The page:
Does oikonomia adequately address my three proposed theological problems for pastoral approaches to LGBTQ+ inclusion? It is my opinion that it does not, in its currently articulated form by Father Warwick, but that upon further development it has the high potential to do so.
First, oikonomia for non-celibate LGBTQ+ persons needs to supply an account of what sorts of behaviors require the sinner to live outside of communion with the Church, regardless of good intent or moral effort. If it does not, it will likely be vulnerable to accusations of moral relativity.
Where oikonomia does well is in its ability to address the problem of moral limitations. It simply concedes that there are moral commands which remain real moral obligations but are highly unlikely to be obeyed with real consistency due to many outside factors. I do wait, however, for an account of why exactly it is the case that there are such commands, with dire biblical consequences attached, if they seem this impracticable by the majority of the faithful. I do believe that there are some real candidate explanations; however, I have yet to hear them articulated formally by those who advocate this position even in the case of remarriage.
How does this version of oikonomia articulated by Father Warwick fare as a pastoral theory in answering the problem of spiritual well-being? Not surprisingly, my answer is, it depends. Remember that oikonomia as he articulates still retains the traditional view that, ultimately, it is best for the priest to encourage celibacy for the LGBTQ+ person. Accommodating a life partner is a sad last resort.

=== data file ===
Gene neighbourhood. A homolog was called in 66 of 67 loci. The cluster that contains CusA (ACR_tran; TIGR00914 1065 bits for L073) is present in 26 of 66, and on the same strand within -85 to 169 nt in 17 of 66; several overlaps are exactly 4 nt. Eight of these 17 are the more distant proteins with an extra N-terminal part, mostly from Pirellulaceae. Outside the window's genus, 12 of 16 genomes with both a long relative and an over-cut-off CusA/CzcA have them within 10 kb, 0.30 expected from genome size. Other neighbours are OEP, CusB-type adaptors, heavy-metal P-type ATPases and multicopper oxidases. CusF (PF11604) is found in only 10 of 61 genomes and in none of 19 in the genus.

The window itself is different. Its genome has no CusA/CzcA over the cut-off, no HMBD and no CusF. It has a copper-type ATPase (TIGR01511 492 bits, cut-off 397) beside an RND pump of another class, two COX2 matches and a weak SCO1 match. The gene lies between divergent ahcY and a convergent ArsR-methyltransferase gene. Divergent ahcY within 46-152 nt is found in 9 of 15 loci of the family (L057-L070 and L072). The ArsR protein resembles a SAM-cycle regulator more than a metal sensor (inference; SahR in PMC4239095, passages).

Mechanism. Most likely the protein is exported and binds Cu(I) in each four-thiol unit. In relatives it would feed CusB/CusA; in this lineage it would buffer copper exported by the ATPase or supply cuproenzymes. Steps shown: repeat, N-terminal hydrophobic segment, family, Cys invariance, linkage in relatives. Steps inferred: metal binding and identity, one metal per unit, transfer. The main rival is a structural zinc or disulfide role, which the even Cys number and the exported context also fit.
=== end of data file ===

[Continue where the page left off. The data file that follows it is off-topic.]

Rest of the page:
For many queer Orthodox Christians this will still sound like a statement explicitly against universally held ideas of well-being for humans. To defend this, the priest has a daunting, and potentially dangerous task. He has to tell a young, bright-eyed Orthodox Christian (with all of the anguish that can come living with this orientation in the world), that contrary to every one of her normal sensibilities about what is good for human beings, celibacy is unconditionally what is morally ”ideal” for people like herself. In our current social configuration, this inevitably means a life filled with intense loneliness, depression, anxiety, lack of elder care, unhappiness, and economic disadvantage.